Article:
Terraria, $4.99 – It was a big deal when the hit craft ’em up action adventure Terraria landed on iOS last year. However, the iOS version was a very vanilla experience, and it was a bit lacking when compared to its PC counterpart, which around that same time had received a massive content update. It took some time, but in early December the version 1.2 update hit Terraria on iOS, bringing it very close to matching the amount of content in the PC version. Don’t get me wrong, the original release of Terraria on iOS was fantastic, but this huge update added so much new stuff it feels like a whole new game now. With the PC version set to get another big update soon, the mobile version may again be playing catch-up, but I’m a patient man and I welcome any and all future updates to Terraria on iOS.
True Skate, $1.99 – True Skate released back in October of 2012, and certainly received some nice updates during 2013. But it was in 2014 when developer True Axis really cranked it up to 11. Along with a steady stream of new original parks and tons of added features, one of the most significant things to happen to True Skate in 2014 was when it partnered up with Street League Skateboarding to become the official mobile game of the popular annual street skating competition. This included a slew of new parks that were recreations of SLS parks from last year and this year. I have a feeling the world of True Skate will continue to expand and improve throughout 2015.
Wolfenstein 3D Classic Platinum, $1.99 – Wolfenstein 3D was one of the first successful first-person shooters on the App Store when it launched way, way back in March of 2009. A lot of that was simply due to it being an all around fantastic game, but the lack of up/down movement when aiming also translated very well to virtual touchscreen controls. id Software added a lot of content to Wolfenstein 3D over the years, including the Spear of Destiny expansion levels, Universal iPad support and Retina Display graphics. One thing it was sorely missing for some time though was widescreen support, so when iOS 8 broke the game id took the time to fix it up and returned it to the App Store complete with glorious widescreen.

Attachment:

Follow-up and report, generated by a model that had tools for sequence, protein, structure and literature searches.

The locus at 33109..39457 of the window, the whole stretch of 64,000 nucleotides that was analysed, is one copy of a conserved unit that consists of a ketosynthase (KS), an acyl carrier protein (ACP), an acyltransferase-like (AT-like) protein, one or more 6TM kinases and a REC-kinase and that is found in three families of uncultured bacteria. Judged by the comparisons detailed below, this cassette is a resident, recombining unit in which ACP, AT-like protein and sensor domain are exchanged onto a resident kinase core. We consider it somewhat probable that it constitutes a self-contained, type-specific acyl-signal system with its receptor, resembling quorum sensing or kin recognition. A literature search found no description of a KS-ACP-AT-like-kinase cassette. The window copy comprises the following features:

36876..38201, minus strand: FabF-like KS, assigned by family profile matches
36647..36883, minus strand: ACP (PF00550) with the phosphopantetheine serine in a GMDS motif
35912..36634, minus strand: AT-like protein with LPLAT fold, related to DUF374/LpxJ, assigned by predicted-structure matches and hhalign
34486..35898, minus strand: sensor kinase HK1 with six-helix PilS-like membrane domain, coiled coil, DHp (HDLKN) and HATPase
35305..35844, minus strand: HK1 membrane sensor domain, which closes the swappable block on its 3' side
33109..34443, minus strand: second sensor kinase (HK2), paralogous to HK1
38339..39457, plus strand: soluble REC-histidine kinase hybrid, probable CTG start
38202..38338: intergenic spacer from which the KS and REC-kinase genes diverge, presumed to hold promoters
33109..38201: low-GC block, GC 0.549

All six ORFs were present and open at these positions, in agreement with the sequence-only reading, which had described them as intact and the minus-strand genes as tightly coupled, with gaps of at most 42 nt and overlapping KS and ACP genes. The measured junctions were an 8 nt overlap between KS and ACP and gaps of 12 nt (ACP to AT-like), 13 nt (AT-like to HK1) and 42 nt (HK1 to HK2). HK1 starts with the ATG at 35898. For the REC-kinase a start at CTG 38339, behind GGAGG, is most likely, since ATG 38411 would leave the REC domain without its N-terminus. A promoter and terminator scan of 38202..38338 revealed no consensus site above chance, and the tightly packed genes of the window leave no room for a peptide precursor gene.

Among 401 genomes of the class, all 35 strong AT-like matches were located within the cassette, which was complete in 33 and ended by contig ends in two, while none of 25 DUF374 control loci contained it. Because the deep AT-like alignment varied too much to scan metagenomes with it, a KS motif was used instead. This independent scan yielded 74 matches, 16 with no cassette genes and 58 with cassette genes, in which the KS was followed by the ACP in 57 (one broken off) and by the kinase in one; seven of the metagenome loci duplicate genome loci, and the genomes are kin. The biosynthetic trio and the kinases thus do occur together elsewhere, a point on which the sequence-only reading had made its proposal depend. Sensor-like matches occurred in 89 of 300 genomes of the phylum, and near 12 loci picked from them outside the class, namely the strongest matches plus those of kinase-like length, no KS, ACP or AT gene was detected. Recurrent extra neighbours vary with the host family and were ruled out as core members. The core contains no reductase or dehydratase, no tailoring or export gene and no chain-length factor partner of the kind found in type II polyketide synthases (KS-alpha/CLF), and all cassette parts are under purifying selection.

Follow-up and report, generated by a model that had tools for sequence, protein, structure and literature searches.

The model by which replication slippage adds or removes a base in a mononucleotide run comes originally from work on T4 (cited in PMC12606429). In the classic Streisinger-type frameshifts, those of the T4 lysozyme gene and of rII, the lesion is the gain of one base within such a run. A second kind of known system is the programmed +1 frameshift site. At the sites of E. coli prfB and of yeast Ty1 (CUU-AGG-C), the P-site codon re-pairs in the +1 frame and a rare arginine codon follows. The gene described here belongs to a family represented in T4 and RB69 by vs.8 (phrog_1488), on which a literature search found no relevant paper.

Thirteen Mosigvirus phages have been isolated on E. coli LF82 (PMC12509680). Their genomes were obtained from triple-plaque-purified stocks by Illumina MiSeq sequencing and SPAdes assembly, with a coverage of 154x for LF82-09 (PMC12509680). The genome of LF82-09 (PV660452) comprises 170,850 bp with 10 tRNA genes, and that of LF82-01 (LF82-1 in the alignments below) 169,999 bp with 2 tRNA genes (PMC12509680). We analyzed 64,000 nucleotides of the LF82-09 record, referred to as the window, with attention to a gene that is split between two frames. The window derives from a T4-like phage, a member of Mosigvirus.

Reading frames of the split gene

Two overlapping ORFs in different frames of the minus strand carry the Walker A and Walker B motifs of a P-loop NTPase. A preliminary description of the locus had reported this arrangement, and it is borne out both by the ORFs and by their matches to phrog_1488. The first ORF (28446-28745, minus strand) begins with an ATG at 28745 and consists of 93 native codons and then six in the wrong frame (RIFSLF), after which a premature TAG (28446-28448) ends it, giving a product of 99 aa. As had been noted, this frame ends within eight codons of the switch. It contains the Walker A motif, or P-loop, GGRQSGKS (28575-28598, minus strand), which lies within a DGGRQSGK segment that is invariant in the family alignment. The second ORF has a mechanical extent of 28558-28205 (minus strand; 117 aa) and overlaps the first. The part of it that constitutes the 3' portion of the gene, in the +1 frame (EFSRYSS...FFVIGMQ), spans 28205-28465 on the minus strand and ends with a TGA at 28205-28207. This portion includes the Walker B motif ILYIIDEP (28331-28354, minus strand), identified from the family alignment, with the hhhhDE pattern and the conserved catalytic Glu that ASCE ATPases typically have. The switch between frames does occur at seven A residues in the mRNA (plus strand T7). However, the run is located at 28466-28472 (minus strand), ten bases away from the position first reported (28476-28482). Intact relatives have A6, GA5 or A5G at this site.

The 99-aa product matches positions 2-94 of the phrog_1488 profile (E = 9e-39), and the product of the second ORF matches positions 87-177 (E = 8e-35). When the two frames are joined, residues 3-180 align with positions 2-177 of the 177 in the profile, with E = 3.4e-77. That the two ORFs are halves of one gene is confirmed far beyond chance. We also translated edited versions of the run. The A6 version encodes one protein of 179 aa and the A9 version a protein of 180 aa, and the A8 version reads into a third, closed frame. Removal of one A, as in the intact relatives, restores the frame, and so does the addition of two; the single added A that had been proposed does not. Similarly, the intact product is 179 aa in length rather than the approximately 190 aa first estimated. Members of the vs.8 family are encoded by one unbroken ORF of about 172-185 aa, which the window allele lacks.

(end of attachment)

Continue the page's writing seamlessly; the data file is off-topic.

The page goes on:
10000000, $2.99 – A long-time favorite around TouchArcade, Luca Redwood’s 10000000 received an awesome update in February of this year. This RPG-ish match-3 was one of the best gaming experiences around in 2012, but the problem was once you beat the game there really wasn’t a lot of reason to continue playing, which is kind of strange for a matching game like this. February’s update addressed this in a great way, essentially letting you restart with a “new game+" once you’ve beaten it. Each time you beat 10000000 now will level up your Ace rating, which will somehow translate to Redwood’s upcoming game You Must Build A Boat. Even without that, it’s great to have a reason to continue playing 10000000 forever, and that same update also added a bunch of Game Center achievements and full 4-inch screen support.
1-bit Ninja, $2.99 – Released in 2011, 1-bit Ninja was controversial for not allowing a fairly basic expectation of platforming games: moving to the left. Many, including ourselves, found that risky design decision to be the major factor in making the game one of the more interesting and strategic platformers around. Not to mention the incredibly cool ability to switch the perspective to 3D at any time, which allowed for tons of hidden secrets and made it fun to explore. The only thing really missing was widescreen support, and this month an update appeared that not only added widescreen but it added native resolution support for the new iPhones and Universal iPad support.
As with all of our Best of 2014 content, this list is in no way a complete list of all the great updates that hit this year, as there’s just far too many. This list represents the updates we thought were especially significant or were for games that are particular favorites of ours. If you have any game updates that you loved in 2014, definitely tell us about them in the comments below. This was definitely a great year for older games that you thought might have been abandoned forever getting unexpected updates and a new lease on life. I’m looking forward to all of the new games we’ll be seeing in 2015, but I’m also excited to see what kind of updates arrive that allow old favorites to continue to get better and live on into the future.